Businesses in Hong Kong can help break stalemate by promoting change

PUBLISHED : Thursday, 27 October, 2016, 5:21pm
UPDATED : Thursday, 27 October, 2016, 10:09pm

Hong Kong is facing unprecedented political gridlock. Yet, amid all the economic, social and environmental challenges, the city can ill afford to stand still. It is high time businesses, philanthropists and foundations provided the impetus needed for change.

The economic and social well-being of a community is closely intertwined with business performance and profitability. More and more businesses now understand that corporate social responsibility as a marketing concept is no longer adequate. To attain sustainable growth, a business has to first and foremost address the needs of a society and give due regard to the interests of multiple stakeholders. “Doing good” is not a responsibility and an afterthought, but a prerequisite to “doing well”. More business leaders have adopted this view and are taking a more proactive role in addressing economic and social challenges.

Unilever and GE are clear examples of how firms can turn social and environmental problems into new business opportunities through innovative offerings and practices.

The Itasca Project in America’s Minneapolis-Saint Paul region demonstrates how businesses can work together for the collective good. Established in 2003, it is an employer-led alliance seeking to revive the economic competitiveness and the community well-being of the region. Working closely with the government, educators and NGOs, business leaders lead task forces on key strategic issues such as generating quality job growth and forging stronger collaboration between firms and universities. Facebook’s founder Mark Zuckerberg led a new approach to philanthropy with a limited liability company for for-profit investing in new technologies and public policy advocacy to solve the world’s biggest challenges.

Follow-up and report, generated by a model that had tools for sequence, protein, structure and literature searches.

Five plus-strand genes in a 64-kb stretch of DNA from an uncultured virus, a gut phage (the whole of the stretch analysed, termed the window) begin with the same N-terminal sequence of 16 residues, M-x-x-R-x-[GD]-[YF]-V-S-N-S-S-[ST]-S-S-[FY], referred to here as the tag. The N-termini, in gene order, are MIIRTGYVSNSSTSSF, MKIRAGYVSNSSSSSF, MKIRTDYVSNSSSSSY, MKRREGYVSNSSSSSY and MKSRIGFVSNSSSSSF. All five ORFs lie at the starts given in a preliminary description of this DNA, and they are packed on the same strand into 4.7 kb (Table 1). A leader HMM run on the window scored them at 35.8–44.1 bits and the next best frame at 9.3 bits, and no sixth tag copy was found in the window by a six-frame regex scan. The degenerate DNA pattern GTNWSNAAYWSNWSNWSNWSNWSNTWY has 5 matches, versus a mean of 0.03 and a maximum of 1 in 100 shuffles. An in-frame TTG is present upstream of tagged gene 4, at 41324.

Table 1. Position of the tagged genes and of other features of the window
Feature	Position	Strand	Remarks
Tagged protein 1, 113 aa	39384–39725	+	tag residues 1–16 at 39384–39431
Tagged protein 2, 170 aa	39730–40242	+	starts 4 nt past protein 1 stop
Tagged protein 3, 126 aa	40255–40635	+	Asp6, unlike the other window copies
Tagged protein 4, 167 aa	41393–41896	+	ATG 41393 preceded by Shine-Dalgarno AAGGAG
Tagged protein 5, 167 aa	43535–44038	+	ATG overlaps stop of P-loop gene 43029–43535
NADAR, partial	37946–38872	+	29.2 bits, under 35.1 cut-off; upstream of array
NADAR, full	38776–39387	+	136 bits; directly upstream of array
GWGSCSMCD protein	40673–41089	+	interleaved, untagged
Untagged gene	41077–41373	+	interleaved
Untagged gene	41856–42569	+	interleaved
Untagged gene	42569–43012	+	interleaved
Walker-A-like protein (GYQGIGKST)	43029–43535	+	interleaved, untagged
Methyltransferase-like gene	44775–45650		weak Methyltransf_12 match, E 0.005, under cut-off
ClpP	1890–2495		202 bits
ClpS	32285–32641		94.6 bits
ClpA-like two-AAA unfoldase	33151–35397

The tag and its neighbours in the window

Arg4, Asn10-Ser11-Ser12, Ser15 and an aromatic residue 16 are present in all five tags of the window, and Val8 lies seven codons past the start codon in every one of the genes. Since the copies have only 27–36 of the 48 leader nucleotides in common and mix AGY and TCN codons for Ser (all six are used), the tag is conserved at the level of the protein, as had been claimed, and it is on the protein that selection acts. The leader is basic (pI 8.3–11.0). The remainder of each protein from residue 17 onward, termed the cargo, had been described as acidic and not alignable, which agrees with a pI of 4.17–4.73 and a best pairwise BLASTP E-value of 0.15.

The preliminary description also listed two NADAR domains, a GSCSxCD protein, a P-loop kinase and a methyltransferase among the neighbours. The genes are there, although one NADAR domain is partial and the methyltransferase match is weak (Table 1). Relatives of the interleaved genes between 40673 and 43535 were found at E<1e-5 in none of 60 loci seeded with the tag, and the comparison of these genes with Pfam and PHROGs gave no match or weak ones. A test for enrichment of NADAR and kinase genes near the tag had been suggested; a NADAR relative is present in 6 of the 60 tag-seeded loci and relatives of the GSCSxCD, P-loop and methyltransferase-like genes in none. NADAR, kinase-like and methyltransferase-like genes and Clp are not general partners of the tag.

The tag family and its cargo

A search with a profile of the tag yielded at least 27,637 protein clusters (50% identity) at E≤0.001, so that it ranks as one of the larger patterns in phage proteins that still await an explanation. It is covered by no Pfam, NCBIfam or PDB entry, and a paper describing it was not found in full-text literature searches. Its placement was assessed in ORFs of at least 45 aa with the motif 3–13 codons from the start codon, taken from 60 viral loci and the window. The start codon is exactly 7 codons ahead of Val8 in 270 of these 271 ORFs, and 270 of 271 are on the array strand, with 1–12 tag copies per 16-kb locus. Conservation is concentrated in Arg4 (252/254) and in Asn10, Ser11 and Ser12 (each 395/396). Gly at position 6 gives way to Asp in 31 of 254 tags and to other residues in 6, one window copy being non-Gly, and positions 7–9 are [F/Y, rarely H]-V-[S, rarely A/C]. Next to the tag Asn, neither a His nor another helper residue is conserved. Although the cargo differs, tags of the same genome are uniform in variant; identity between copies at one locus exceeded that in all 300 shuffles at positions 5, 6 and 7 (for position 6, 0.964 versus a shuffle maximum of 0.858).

Traditional philanthropists and foundations can also become drivers of change by investing in start-ups that can make a difference. Earlier this year, the Rockefeller Foundation and Unreasonable Institute in the US launched the “Future Cities Accelerator” to encourage revolutionary solutions to complex urban problems.

Hong Kong has a vibrant business community and a strong freewheeling tradition. The current political stalemate is no excuse for doing nothing. The above international best practices show that businesses can take the leadership role in driving economic and social prosperity. The dividing lines between for-profit businesses and NGOs (or social enterprises) are blurring.

These best practices have also shown that philanthropists and foundations should innovate their charity-giving approach by supporting for-profit start-ups and creating innovative and sustainable social change. More funding also needs to go into public policy research.

Rachel Chan, Causeway Bay